The "cheap food" policy and the funding of anti-farmer publicity campaigns have been strongly criticised by the family farm organisation, ICMSA, which has also described division among farmers as "not a healthy situation".
Speaking to 300 delegates at the Irish Creamery Milk Suppliers Association annual meeting at Limerick today, ICMSA president, Pat McCormack, called for a truce in the anti-farmer bashing.
He said: "Put simply, the consumer is not paying enough for quality food. They are underpaying for the highest quality food and they have been for decades.
He warned that the cheap food policy is only cheap for the consumers because farmers are 'carrying' them.
He said: "The cheap food policy was very expensive indeed for us. We get the same milk price today that our parents were getting 30-odd years ago. But every single bill we had has quadrupled at least."
Mr McCormack said that the ICMSA is more than 98% funded by membership fees paid annually by farmer members and he called for all non-governmental organisations commenting on diet, food and farming to reveal their sources of income.
He asked: "Are some of these NGOs being funded by the corporations busily developing synthetic replacements for natural beef and milk? If they are then I think we need to know."
He described the over-the-top nature of some of the programming during climate change week on RTÉ as "unbalanced".
On climate control, he said that farmers have to play their part and they will meet the challenge but the bashing is not being helpful: "I firmly believe that farmers will respond but I have question marks over other sectors. I am fed up with so-called experts jetting around the world from luxury hotel to luxury hotel, from five star-seminar to five star-seminar preaching about climate change but who never seem able to practice what they preach."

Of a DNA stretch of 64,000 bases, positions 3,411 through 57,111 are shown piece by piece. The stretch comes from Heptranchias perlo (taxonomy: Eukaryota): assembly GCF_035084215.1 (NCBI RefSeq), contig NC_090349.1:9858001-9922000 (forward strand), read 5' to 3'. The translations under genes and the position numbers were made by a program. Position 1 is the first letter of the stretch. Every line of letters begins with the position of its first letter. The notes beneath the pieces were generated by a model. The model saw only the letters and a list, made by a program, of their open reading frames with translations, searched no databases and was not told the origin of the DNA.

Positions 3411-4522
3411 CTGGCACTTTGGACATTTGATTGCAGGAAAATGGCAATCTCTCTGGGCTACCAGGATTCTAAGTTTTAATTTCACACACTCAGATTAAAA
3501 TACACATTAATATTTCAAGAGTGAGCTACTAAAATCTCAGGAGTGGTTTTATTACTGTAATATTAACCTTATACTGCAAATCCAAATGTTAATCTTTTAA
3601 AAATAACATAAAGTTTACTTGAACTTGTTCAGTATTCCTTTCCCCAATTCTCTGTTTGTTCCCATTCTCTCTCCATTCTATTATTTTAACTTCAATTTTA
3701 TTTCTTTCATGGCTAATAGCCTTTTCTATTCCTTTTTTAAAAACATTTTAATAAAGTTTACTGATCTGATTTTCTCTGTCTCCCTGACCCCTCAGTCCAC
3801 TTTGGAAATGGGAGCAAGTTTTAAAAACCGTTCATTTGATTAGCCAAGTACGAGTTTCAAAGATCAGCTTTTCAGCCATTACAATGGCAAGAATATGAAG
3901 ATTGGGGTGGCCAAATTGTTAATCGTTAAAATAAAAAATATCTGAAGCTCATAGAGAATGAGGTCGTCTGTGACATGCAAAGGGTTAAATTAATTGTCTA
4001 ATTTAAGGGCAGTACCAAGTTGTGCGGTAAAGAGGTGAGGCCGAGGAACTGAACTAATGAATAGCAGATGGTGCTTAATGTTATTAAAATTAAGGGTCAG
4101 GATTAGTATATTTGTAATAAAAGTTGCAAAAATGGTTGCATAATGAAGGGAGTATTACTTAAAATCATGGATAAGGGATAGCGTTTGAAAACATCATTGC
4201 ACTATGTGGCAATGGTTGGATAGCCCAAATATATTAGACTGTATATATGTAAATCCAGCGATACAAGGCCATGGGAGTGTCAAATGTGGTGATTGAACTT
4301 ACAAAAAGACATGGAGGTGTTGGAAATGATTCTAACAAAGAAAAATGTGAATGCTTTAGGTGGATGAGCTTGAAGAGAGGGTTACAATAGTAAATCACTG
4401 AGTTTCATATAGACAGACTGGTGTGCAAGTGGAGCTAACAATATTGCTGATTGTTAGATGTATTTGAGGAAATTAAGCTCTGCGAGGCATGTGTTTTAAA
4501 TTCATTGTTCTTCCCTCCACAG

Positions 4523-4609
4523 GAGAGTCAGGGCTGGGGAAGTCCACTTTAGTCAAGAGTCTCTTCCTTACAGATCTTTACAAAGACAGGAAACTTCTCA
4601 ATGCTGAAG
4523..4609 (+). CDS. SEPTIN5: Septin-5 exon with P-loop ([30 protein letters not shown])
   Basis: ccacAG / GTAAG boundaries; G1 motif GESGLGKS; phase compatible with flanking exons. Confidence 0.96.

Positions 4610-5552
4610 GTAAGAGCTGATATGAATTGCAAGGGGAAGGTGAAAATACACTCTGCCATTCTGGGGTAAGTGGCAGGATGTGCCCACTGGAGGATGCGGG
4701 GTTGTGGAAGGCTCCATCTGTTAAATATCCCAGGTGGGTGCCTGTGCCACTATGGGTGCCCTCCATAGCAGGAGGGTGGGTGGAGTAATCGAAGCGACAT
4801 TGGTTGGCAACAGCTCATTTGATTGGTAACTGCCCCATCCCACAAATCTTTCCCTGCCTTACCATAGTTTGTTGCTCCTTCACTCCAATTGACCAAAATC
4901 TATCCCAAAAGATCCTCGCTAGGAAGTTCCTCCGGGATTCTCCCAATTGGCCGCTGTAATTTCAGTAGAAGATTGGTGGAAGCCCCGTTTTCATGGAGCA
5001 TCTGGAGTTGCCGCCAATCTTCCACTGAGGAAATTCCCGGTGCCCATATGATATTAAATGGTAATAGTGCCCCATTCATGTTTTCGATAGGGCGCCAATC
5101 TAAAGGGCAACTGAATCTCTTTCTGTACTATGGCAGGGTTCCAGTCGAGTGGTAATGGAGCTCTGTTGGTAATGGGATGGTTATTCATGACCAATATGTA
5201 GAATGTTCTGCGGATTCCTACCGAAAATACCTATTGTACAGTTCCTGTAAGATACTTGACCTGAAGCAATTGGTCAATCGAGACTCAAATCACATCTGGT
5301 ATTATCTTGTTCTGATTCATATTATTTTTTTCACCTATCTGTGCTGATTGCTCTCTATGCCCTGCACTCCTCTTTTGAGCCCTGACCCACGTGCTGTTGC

He called for dairy processors to acknowledge that markets have improved by a corresponding increase in milk price, emphasising that November milk should be paid at least 31c/lt.
On beef, he said that farmers could not be expected to continue supplying beef to the factories at 30-year-old prices while meeting production costs which have more than doubled in the meantime.
The Taoiseach told the meeting that farmers are "part of the fabric of our communities and our society" but they have been going through a difficult period.
"I know that during the recession, this industry helped us to bounce back and I know that the last two years have not been as good and for some they’ve been very bad" he said to the 300 farmers attending the meeting.
He added: "The Government will work with you on these challenges and we will help you prosper and thrive. In Budget 2020 we allocated €1.6 billion to the Department of Agriculture, over €50 million more than last year. That does not include ‘no deal’ Brexit funds or low-cost loans to the sector. You are our most important indigenous industry."
The Taoiseach said that the export value of the sector has grown by 73% over the last 10 years and now stands at a record €13.7 billion which equates to 10% of merchandise exports. The projection is to increase to €19bn through Through FoodWise by 2025.
The agricultural sector continues to make a significant contribution to employment - about 7.7% of total employment in the country.
Outside Dublin and the mid-east, the figure is between 10% and 14%. In some parts of the country, agri-food is the major employer alongside the public service and tourism.
He assured the farmers that the Government is working on alliances across Europe to ensure that the strongest possible support for agriculture is maintained in CAP Reform.
"Our ambition is to ensure that Irish agriculture continues to produce high quality, safe, traceable and nutritious food while protecting and enhancing the environment and upholding animal welfare," he said.
"To do so, we are prepared to contribute more to the overall EU budget if it is spent on things that contribute to the advancement of the European ideal, programmes that work and have stood the test of time like the CAP which has given Europe food security and helped to balance regional development across the continent" he assured the farmers."
He said that it will be necessary to make the new CAP much greener, incentivising, encouraging and remunerating farmers and industry to reduce emissions, produce green energy and promote biodiversity and its is what the consumers and taxpayers want and the right thing to do.